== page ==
The third-year corner from Michigan State also tackled exceptionally well.

Linval Joseph demolished the Saints 

If you’re wondering why Adrian Peterson only played nine snaps against the Vikings, it’s because the Saints could not handle Linval Joseph at all. He ate up the middle of their offensive line, shutting down middle run plays early in the game, which forced the Saints to look elsewhere to get the ball to their running backs Mark Ingram and Alvin Kamara.

There may be concerns about whether Tom Johnson can be effective against the run, but Joseph’s dominance mitigates whatever shortcomings exist.

Eric Kendricks can cover anyone 

There really isn’t much more to this observation than this: Eric Kendricks is supremely valuable to the Vikings’ defense because he can cover running backs or tight ends at an exceptional level. On the Saints’ first drive, he jumped a route and nearly picked off a pass headed for Colby Fleener.

Danielle Hunter has a skill you didn’t know about 

Danielle Hunter’s absurd athleticism allows Mike Zimmer to occasionally dial up zone blitzes, which call for Hunter to drop back in coverage and a linebacker to blitz. On this play, Eric Kendricks came free at Brees while Hunter did a good job covering Kamara. Zimmer can be incredibly creative with the number of defenders who are dynamic.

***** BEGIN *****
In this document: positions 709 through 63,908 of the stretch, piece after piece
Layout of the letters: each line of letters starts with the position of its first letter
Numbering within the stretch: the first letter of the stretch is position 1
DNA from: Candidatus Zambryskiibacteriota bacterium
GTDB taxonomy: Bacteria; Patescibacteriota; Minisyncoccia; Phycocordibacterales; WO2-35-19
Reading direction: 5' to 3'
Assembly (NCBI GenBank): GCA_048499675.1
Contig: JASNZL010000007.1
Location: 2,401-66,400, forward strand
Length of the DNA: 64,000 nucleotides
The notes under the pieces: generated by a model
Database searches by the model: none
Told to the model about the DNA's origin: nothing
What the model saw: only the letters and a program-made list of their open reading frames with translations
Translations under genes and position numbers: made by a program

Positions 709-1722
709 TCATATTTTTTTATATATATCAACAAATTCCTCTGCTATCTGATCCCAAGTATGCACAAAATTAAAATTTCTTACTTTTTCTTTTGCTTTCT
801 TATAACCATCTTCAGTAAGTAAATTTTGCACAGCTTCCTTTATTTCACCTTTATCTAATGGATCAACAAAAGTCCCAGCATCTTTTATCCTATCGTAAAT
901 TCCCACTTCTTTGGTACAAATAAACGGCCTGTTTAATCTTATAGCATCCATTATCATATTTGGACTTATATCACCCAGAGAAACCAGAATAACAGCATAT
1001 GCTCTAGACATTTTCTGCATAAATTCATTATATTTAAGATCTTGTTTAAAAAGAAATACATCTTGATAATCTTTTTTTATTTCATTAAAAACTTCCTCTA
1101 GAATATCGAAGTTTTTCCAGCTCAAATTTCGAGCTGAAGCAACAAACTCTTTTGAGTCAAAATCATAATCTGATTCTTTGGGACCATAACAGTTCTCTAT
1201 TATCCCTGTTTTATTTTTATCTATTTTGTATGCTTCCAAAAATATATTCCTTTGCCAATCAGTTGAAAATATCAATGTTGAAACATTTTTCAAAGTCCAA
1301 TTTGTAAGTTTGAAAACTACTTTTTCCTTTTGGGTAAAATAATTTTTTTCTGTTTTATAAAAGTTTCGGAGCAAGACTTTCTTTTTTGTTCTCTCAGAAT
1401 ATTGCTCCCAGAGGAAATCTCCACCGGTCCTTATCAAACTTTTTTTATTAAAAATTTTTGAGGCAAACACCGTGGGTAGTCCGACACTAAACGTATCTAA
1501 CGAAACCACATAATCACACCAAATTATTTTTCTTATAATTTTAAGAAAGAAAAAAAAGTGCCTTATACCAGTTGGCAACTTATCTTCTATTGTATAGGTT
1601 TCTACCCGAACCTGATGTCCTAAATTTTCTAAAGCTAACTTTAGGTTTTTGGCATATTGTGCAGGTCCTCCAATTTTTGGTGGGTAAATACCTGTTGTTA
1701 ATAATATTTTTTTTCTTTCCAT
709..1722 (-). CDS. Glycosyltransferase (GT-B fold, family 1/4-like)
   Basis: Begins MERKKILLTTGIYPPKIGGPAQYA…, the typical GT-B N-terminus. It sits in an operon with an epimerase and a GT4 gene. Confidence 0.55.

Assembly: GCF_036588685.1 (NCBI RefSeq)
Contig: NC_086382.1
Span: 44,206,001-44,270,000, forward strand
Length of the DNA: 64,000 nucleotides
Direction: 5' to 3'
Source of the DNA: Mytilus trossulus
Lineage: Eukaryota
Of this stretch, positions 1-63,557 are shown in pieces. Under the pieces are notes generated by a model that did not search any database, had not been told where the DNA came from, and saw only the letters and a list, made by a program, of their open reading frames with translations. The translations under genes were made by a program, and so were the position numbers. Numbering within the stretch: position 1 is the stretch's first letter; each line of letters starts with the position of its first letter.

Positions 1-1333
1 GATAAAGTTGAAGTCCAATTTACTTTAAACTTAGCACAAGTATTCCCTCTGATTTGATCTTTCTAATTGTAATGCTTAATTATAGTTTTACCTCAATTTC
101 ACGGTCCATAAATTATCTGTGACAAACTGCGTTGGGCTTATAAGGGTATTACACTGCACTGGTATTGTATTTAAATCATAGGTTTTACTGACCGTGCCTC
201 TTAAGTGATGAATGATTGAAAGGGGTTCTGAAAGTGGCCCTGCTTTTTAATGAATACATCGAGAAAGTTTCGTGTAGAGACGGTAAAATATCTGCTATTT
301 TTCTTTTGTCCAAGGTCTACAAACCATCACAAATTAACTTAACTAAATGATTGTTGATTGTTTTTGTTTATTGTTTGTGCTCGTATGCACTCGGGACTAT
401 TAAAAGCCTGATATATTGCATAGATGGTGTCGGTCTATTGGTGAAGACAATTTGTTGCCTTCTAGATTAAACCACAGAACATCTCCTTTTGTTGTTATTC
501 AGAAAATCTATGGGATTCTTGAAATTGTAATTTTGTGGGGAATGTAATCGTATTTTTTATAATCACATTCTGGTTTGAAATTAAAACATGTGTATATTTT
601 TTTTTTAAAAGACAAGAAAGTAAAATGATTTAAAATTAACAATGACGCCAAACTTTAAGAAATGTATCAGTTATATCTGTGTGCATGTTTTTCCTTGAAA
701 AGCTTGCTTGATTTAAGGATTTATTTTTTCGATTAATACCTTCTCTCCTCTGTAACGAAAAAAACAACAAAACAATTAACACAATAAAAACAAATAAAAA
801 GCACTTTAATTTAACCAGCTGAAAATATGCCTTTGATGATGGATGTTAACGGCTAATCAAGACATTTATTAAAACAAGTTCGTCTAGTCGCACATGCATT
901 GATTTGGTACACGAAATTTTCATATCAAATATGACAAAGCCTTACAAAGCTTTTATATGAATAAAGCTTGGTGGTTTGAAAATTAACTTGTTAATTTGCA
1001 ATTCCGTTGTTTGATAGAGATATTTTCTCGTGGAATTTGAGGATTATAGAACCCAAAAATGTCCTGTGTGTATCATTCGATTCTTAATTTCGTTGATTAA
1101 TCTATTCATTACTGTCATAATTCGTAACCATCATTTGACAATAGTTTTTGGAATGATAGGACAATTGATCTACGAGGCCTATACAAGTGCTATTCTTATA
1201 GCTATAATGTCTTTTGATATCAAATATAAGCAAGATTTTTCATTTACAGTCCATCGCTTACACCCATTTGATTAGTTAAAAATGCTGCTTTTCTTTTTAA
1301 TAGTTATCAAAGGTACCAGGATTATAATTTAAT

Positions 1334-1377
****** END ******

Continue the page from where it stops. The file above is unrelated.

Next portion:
• incentcar

    Let the positivity continue after shocking Tomlin & Co. Easier said than done, but not impossible.

  • Topgunn

    I would like to see more Jaleel Johnson and less Shamar Stephen in run downs and let Tom Johnson focus on his strong suit…rushing the passer. I was disappointed Jaleel Johnson was inactive for the Saints game. We should use him for the Steelers game. Otherwise, hard not to be enthusiasitc about the first game.

  • Once McKinnon develops a better intuition of which way the kickoff coverage is going to push/be pushed, he will be extremely good. Two kickoffs he ran straight into coverage when he should have easily gone around them.

  • IrreverentOne

    Enjoyed the diversity of the offense and, as everyone else has said, really liked what I saw about the defense. All I want to do is remind all that this was the Saints and although their QB is rightfully described as being one of the best in action the defense is not one that scares anyone. Next week in Pittsburgh will be a better indication of how the offense has improved from last year. Go Vikes.

    • Jordan Musser